Re: 1.0 and 2.0 and suitability for tasks
At 01:33 PM 8/24/2005, you wrote:
> There are many jobs for which XSLT 1.0 is an excellent fit.
Heh: that's the million-dollar question.
Note, however, that there's a subtle difference between my claim and your underlying assumption (which I do not necessarily disagree with) that not only are there jobs for which XSLT 1.0 is an excellent fit, but also that there are jobs for which it's a better fit than 2.0.
Because 2.0 will do everything that 1.0 will and more (and indeed, since its developers have gone to considerable pains to make sure, to whatever extent practical, that migration be relatively painless and that most 1.0 tasks -- apart from the sometimes-elaborate workarounds we have developed, whether they be credited to Muench, Piez or whomever, will be performed essentially the same way in 2.0) I would not necessarily expect to see many jobs about which we can say unequivocally "that's a job better done in 1.0".
On the other hand, there may be many jobs that are well enough done in 1.0, or that are effectively the *same* jobs done either way, and if a small company with no budget for software engineering (to say nothing of private individuals, departments in schools and governments, or other shoestring operations) is doing things successfully with 1.0, and has 98% of its requirements met this way, I am also not necessarily going to be quick to say "invest in 2.0", since they simply may not get enough bang back for their buck.
So the line won't be between applications better done in one and those better done in another. It'll be more of a question of whether 1.0 hits the sweet spot for you, vs. whether 2.0 provides such immense benefits over tortured 1.0 approaches that you can't afford not to do it.
My position involves a blend of both documentation (everything from user guides to API guides and data dictionaries and the XSLT-based solutions to produce them) and data (lots of transformation of data-centric XML). So I would like to hear how one version or the other might benefit either effort.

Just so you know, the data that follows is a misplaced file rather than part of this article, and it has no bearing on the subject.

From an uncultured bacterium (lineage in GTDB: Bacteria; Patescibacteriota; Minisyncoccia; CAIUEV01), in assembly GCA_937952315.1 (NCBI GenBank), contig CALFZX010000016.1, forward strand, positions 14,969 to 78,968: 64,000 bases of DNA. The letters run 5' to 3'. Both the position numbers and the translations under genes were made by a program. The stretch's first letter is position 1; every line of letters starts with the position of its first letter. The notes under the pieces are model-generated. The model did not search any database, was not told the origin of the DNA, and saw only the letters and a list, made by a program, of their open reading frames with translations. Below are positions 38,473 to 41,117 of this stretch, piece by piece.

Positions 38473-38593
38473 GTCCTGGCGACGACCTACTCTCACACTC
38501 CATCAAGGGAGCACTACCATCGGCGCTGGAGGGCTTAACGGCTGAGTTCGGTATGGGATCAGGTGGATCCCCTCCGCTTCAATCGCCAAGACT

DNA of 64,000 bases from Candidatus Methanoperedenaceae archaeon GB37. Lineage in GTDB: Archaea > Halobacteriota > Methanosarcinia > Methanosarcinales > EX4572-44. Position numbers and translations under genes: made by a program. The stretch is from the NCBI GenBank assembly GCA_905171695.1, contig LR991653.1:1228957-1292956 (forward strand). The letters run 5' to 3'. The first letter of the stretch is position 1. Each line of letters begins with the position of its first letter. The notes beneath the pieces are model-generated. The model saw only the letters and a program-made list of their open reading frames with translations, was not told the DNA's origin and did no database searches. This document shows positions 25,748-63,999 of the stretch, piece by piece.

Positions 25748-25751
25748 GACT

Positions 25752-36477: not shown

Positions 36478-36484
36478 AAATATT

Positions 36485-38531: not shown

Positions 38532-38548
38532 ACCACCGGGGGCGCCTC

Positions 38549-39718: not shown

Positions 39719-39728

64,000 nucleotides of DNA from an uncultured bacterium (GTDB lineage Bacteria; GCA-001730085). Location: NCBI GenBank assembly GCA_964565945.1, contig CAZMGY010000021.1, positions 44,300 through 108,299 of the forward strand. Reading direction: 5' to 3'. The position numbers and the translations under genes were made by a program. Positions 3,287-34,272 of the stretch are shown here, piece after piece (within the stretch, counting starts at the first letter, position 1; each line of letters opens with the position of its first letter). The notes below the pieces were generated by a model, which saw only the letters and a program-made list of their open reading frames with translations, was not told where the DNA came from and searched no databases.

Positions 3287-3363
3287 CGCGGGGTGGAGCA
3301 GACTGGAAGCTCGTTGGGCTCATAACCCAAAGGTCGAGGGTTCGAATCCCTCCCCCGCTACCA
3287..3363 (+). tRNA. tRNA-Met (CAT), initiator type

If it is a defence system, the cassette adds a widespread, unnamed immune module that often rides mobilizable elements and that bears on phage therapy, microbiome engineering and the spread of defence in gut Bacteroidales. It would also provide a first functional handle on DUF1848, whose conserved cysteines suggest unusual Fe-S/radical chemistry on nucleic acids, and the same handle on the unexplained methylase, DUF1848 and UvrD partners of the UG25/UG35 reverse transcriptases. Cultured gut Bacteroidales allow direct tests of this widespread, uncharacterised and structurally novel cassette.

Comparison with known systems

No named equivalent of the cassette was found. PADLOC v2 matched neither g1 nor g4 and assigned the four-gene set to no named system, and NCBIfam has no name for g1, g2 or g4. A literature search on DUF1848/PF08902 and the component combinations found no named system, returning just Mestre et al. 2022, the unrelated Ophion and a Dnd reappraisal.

In this context, keep in mind that 1.0 was designed specifically with down-conversions in mind, aiming towards formatting, while 2.0's scope is much broader, having been influenced not least by the uptake of 1.0 *outside* its initial target market. So I'd expect roughly (no great wisdom here) that 2.0's extra power will be more useful on the data-centric side, and for cross- and up-conversions, which 1.0 didn't target -- while on the other hand, there will be a *few* problems even on the document-processing side (date handling?) for which we'll be grateful to have 2.0.
Also remember that we already know how to pipeline (and by all accounts pipelines work well) and there's nothing that says you have to use the same version of the language for every transformation in a pipeline (or indeed, XSLT at all). This isn't always going to be the best option (maybe you should just move to 2.0, or be ready to), but it's not unthinkable.
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